Safe to fly? Or yet another flying coffin?
My first contact with Boeing was when, after an all-Marathi primary school, I was trying to grasp the nuances of English, a foreign language, which then seemed such a waste because the British had left India more than a decade before I was born. My attempts to learn their language were more like childish revenge for all the wrongs they had done in India.
Marathi, my mother tongue, being based on Sanskrit, is quite scientific in its structure, and simple, because what you write is what you speak. No confusing pronunciation differences for similar words or vice versa. And, above all, no silences while pronouncing words, so a childhood joke remains etched in my mind.
An excited child at the airport, seeing a plane take off, shouts: “Boeing, Boeing!”
“Be silent!” The teacher says.
And the child continues obediently: “Oeing, Oeing.”
But after leaving the IAF in 2003 and joining an airline in 2004 to fly the Boeing 737 NG (Next Generation), I moved on to another oft-repeated slogan, “If it ain’t Boeing, I ain’t don’t go.”
Since then, I have been flying and still fly the 737 NG, as well as its younger sibling, the 737 Max.
The Max is the most modern version of the Boeing 737 which has been flying, in its various versions, since 1967. It is also the most fuel efficient, and was for a while the most requested aircraft…
Until a brand new Lion Air 737 Max plane crashed on October 29, 2018.
‘Downfall: A Case Against Boeing’ is a chillingly brutal and technically accurate documentary about the crash and the reasons behind it.
It also documents the corporate culture that attempted to whitewash issues following this accident.
Lion Air had a “spotty” safety record and was, for a time, banned from flying in the US, so there were subtle and not-so-subtle attempts to blame “third party” countries and airlines world” and their pilots.
A former chairman of the US National Transportation Safety Board (NTSB) said: “The airline probably needed to do a better job of training its pilots…”
To one question, “Should passengers in the United States be worried?” He replied, “I don’t think so. In the United States, they understand how to operate this plane.
Boeing reportedly said: “An American pilot would never have found himself in such a situation…”
Boeing’s president has said publicly, “We can’t really comment on the investigation.”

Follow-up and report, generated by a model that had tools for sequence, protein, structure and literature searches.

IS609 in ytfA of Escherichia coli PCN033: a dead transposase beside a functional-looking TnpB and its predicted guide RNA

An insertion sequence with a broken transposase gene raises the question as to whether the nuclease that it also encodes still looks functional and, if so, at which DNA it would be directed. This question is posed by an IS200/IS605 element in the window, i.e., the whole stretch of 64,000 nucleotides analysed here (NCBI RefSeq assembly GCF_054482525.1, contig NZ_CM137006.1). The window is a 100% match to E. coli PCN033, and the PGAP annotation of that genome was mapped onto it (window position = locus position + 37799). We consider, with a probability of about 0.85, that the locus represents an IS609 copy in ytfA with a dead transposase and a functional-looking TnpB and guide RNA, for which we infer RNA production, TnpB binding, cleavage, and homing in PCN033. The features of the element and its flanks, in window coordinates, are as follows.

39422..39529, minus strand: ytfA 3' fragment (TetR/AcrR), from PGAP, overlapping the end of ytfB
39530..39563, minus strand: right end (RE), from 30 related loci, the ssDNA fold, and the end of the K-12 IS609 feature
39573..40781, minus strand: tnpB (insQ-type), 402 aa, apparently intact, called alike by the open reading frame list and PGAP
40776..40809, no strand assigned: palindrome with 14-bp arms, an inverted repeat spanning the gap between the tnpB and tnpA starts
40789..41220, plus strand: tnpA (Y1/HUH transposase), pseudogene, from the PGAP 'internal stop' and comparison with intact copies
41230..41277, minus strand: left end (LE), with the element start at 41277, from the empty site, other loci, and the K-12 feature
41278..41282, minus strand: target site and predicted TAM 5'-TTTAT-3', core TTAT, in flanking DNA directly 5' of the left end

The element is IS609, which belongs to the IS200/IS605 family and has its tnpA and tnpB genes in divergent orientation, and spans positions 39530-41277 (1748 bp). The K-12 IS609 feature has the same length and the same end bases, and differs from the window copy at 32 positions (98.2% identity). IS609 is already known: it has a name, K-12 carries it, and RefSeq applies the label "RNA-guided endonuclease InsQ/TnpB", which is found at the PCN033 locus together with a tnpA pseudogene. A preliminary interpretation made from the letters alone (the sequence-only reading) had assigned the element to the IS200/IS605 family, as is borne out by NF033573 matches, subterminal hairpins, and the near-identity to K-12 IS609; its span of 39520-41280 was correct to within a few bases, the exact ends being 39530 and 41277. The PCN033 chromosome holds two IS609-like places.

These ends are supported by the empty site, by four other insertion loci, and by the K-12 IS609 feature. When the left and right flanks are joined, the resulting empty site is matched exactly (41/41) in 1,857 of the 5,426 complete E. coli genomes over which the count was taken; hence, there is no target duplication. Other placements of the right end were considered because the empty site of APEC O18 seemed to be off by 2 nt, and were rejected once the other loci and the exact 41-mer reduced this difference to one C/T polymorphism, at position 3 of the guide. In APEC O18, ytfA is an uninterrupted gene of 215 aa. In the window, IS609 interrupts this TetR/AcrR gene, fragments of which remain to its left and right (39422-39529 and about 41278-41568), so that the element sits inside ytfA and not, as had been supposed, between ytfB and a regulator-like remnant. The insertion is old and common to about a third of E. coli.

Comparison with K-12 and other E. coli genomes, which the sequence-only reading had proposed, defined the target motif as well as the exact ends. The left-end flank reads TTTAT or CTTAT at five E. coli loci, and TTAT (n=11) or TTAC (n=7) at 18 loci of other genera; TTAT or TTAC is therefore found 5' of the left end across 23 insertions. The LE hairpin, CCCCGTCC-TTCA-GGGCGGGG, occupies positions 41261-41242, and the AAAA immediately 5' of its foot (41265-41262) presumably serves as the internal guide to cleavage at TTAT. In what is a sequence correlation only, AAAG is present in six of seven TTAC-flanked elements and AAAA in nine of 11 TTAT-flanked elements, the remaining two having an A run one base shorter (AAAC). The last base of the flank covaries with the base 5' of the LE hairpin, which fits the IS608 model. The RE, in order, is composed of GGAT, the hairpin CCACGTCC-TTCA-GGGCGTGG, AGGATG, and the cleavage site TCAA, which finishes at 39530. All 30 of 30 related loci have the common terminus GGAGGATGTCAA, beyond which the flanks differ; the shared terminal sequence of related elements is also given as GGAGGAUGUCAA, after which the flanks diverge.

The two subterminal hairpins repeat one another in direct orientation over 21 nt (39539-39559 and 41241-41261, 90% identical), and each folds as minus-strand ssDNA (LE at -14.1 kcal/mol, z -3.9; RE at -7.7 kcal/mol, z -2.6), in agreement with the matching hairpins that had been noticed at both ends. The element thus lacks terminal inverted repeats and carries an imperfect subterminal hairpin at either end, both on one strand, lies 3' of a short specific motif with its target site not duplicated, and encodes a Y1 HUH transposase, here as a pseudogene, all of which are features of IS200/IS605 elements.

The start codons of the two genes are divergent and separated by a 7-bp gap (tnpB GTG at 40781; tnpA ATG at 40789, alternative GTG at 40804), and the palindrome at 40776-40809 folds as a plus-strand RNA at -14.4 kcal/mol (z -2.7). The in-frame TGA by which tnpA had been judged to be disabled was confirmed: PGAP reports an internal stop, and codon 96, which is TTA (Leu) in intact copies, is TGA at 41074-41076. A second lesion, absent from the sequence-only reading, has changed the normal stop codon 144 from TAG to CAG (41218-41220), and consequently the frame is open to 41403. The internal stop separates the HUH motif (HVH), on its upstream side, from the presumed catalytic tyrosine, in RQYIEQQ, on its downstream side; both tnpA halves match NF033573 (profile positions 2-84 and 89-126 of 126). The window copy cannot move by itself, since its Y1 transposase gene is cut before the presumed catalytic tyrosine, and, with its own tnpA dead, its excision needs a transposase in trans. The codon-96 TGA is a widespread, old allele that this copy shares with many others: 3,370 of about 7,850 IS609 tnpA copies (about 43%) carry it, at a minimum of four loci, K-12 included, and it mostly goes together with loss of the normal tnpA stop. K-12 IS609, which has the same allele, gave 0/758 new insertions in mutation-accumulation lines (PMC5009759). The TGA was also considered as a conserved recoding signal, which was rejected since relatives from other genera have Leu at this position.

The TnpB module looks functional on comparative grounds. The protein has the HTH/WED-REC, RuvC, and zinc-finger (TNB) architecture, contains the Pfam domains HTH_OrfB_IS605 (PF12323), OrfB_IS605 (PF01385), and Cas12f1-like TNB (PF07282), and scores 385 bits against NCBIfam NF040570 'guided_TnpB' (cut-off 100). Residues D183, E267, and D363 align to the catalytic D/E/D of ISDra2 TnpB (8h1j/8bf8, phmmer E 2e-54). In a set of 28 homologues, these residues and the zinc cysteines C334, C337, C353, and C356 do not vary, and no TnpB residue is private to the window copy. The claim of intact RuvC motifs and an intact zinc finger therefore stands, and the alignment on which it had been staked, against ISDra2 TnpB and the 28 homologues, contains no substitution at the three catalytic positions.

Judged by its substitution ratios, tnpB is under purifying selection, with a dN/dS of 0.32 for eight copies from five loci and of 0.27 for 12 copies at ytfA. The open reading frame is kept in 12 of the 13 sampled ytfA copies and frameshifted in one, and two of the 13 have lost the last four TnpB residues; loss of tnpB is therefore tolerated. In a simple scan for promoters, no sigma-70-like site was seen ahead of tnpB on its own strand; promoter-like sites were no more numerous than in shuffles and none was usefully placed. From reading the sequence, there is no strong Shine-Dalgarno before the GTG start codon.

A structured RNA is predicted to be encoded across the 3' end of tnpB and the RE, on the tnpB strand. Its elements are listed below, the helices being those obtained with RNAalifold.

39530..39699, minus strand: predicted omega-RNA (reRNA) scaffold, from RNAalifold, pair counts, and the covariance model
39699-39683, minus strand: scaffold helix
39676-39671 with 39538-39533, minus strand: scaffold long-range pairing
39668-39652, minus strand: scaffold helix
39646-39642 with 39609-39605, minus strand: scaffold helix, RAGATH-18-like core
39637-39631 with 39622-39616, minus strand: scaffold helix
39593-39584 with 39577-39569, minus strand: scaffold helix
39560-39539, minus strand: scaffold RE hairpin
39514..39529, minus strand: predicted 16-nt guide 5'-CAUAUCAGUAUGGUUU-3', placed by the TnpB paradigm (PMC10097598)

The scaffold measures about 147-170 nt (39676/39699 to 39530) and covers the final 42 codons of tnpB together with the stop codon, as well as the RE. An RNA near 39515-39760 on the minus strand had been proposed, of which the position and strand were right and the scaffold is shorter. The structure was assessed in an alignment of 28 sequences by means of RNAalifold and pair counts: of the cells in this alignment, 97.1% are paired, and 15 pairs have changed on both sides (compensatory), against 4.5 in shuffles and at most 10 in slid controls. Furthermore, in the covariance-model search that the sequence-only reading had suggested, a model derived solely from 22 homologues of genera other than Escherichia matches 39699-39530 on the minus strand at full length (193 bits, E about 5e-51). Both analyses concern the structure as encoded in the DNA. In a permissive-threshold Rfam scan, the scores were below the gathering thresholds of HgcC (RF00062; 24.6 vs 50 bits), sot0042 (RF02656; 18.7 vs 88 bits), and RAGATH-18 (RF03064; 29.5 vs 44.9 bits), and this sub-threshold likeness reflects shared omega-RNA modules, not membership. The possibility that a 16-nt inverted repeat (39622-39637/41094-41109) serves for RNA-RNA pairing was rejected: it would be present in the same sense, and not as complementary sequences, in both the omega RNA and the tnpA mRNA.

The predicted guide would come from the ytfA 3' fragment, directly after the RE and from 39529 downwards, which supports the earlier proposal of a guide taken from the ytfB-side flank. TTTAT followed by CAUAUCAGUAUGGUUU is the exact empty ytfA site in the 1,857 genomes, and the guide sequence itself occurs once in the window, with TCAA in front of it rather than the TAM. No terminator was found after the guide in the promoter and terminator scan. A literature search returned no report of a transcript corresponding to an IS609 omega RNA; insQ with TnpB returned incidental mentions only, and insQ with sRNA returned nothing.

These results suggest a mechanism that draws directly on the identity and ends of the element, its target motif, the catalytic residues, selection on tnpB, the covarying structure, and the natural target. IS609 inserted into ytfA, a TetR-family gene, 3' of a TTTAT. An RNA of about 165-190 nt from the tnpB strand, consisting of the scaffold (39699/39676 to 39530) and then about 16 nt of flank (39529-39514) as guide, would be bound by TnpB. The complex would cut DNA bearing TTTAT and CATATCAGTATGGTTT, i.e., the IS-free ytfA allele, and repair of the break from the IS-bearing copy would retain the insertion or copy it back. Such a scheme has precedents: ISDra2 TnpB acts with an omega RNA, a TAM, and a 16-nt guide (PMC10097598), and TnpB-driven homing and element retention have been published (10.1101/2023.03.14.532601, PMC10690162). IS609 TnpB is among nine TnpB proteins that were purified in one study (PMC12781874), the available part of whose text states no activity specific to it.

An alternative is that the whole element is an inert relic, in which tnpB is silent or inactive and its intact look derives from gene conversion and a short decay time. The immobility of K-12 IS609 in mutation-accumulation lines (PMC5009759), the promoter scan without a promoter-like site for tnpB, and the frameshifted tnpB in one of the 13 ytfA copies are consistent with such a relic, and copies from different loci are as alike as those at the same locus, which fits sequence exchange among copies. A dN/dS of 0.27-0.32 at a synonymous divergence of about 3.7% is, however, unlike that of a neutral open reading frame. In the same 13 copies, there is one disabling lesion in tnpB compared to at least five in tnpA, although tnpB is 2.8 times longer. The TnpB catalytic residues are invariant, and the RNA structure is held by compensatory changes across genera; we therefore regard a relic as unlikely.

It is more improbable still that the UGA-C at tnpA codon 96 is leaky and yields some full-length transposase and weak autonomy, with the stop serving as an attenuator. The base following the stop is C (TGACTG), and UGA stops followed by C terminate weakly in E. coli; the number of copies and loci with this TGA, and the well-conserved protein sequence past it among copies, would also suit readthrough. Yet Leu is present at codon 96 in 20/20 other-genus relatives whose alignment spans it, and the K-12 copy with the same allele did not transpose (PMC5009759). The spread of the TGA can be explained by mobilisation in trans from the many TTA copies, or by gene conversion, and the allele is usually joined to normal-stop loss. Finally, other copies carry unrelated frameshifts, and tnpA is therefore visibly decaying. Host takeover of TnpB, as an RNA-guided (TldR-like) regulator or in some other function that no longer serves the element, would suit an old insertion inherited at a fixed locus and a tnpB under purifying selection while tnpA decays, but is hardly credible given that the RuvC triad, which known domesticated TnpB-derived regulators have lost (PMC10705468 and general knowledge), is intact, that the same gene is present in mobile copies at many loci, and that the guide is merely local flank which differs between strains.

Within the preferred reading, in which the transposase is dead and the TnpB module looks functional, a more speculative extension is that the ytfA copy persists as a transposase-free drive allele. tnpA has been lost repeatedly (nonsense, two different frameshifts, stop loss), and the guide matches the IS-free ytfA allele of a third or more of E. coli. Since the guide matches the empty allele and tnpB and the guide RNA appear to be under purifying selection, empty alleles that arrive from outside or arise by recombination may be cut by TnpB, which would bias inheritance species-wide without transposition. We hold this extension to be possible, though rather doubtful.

But ultimately, the Company admitted to having possibility incorrect activation of MCAS.
To this, a surprised community of Boeing pilots who flew the new 737 Max aircraft reacted by saying, “What is MCAS? I’ve never heard of it before!”
As I’ve always said about planes, “if something goes wrong, this vehicle can’t be stopped on the side of the road to wait for help”.
So, although you’ve driven your car all your life without ever looking under the hood, we pilots have to learn a lot about the planes we fly. It’s also why switching between planes isn’t as easy as driving a car today and another tomorrow. This involves a lot of ground training and simulator flight, followed by a flight in the new “supervised” cockpit before being cleared to fly on your own.
This whole process takes months of study and millions of rupees.
So in that context, imagine pilots asking, “What is MCAS?” I’ve never heard of it before!”
To everyone’s surprise, Boeing had included MCAS in the pilots’ manuals only under “Abbreviations”. There was no explanation of this system anywhere else in any of the pilots’ manuals, of which, for the record, there are four (FCOM Volume 1, FCOM Volume 2, QRH and FCTM) totaling some 7,000 – yes , seven thousand pages.
We pilots aren’t required to memorize everything, because that would be impossible, but there are a few “memory items” that one “must know” and there are things about aircraft systems that pilots “should know”. After that, you can refer to the books for everything else, as long as you know where to find that information.